My supervisor immediately put the kibosh on my approach. He gave me a list of 30 faculty members, some involved with the union and others not, and told me to schedule a meeting with each of them, not to try to involve them in union work or to have a discussion focused on the union, but rather to just spend some time getting to know who they are, getting to know about them. I resisted, but he insisted. I never had something like that in 20 plus years of working for unions. Sure, I spent time getting to know the union members with whom I worked, but I never did that outside the context of the union. I never just sat down and talked with a member for no reason other than to get to know them a little better. But he was the boss, so I did it. And doing it was an absolute game-changer for me.
In the short term, I discovered a number of people who subsequently joined the union and/or became active union members. I had a much better sense of who could be counted on to do whatever. I adopted this approach in my three subsequent jobs. I was hired to develop a curriculum (and then teach it), to a number of union locals in the southwest and southeast. After I developed a working outline, with the “ok” from my supervisors, I took a “listening tour” in which I met with scores of union members and talked to them about their work, their lives, and their union. The tour enabled me to know enough about the people myself and union staff would be training, and that in turn informed the way I developed the curriculum and how we taught it. I used this method in my next (and last) job, representing adjunct (part-time) faculty at Portland State University. I started the job in May and spent the summer setting up one-on-one meetings, talking to union members about their work and their lives, and some about their union. I spoke with almost 100 members, and as a result of these discussions where there was no “ask”, I was eventually able to greatly increase the number of union stewards, and subsequently, we were able to double our membership.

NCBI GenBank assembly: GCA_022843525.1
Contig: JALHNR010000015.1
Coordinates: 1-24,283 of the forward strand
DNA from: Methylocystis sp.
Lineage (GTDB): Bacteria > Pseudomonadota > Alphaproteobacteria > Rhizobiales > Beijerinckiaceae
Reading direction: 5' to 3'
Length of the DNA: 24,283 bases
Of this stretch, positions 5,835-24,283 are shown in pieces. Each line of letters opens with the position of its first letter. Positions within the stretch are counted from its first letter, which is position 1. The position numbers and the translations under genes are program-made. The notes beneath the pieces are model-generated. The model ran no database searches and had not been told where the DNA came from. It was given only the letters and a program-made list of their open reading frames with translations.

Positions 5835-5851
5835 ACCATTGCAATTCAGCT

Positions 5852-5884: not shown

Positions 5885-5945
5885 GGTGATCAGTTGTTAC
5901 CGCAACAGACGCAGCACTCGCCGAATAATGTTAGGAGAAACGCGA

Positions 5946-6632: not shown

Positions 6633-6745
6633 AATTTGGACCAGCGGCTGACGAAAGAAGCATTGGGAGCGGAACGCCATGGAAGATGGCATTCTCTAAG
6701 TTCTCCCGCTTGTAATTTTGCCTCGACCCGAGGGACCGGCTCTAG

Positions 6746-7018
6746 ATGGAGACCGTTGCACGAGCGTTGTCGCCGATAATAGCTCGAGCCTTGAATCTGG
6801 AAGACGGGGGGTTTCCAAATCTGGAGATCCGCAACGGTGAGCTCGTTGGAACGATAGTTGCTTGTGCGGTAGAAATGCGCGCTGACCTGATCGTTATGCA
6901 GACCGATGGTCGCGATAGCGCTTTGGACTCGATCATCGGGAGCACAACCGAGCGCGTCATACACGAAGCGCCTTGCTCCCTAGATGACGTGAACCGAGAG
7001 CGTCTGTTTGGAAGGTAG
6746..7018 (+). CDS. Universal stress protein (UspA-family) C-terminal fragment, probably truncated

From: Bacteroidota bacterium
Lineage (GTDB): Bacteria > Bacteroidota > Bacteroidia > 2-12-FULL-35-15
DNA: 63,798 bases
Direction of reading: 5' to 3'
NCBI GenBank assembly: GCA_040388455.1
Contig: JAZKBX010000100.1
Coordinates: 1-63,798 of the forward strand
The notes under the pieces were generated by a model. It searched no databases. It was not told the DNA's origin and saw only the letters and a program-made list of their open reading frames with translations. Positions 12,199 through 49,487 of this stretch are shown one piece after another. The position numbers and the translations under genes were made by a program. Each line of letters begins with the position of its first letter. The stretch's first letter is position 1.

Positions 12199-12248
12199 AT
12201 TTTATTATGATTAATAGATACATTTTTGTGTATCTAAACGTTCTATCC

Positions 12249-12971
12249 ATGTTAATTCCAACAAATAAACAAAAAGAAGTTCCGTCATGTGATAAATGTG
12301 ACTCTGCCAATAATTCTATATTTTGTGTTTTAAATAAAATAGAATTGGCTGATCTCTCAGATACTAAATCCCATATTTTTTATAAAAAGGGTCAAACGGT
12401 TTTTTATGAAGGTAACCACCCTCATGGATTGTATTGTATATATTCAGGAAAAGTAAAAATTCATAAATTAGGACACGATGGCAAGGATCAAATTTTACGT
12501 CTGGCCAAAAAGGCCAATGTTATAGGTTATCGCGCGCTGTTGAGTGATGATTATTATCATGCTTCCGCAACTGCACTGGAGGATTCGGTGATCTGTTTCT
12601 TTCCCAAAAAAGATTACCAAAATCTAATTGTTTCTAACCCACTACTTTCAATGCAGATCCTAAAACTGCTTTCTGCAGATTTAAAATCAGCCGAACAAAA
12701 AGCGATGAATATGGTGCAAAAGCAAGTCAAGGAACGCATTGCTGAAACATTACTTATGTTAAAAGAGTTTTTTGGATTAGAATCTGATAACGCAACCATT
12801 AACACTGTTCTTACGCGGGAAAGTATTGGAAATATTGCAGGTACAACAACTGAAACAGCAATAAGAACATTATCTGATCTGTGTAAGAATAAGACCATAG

I was a good to very good union rep/educator/organizer before my supervisor forced me to take on a new (to me) way to do my work. Thanks to him, I became a better union representative/educator/organizer during the last 10 years of my career. The old dog learned a very valuable new trick. I am now a retired old dog, but I’m still engaged and up for learning new tricks.
– Edward from McMinnville, Oregon, a FAR customer who is finding purpose in this new stage of his life.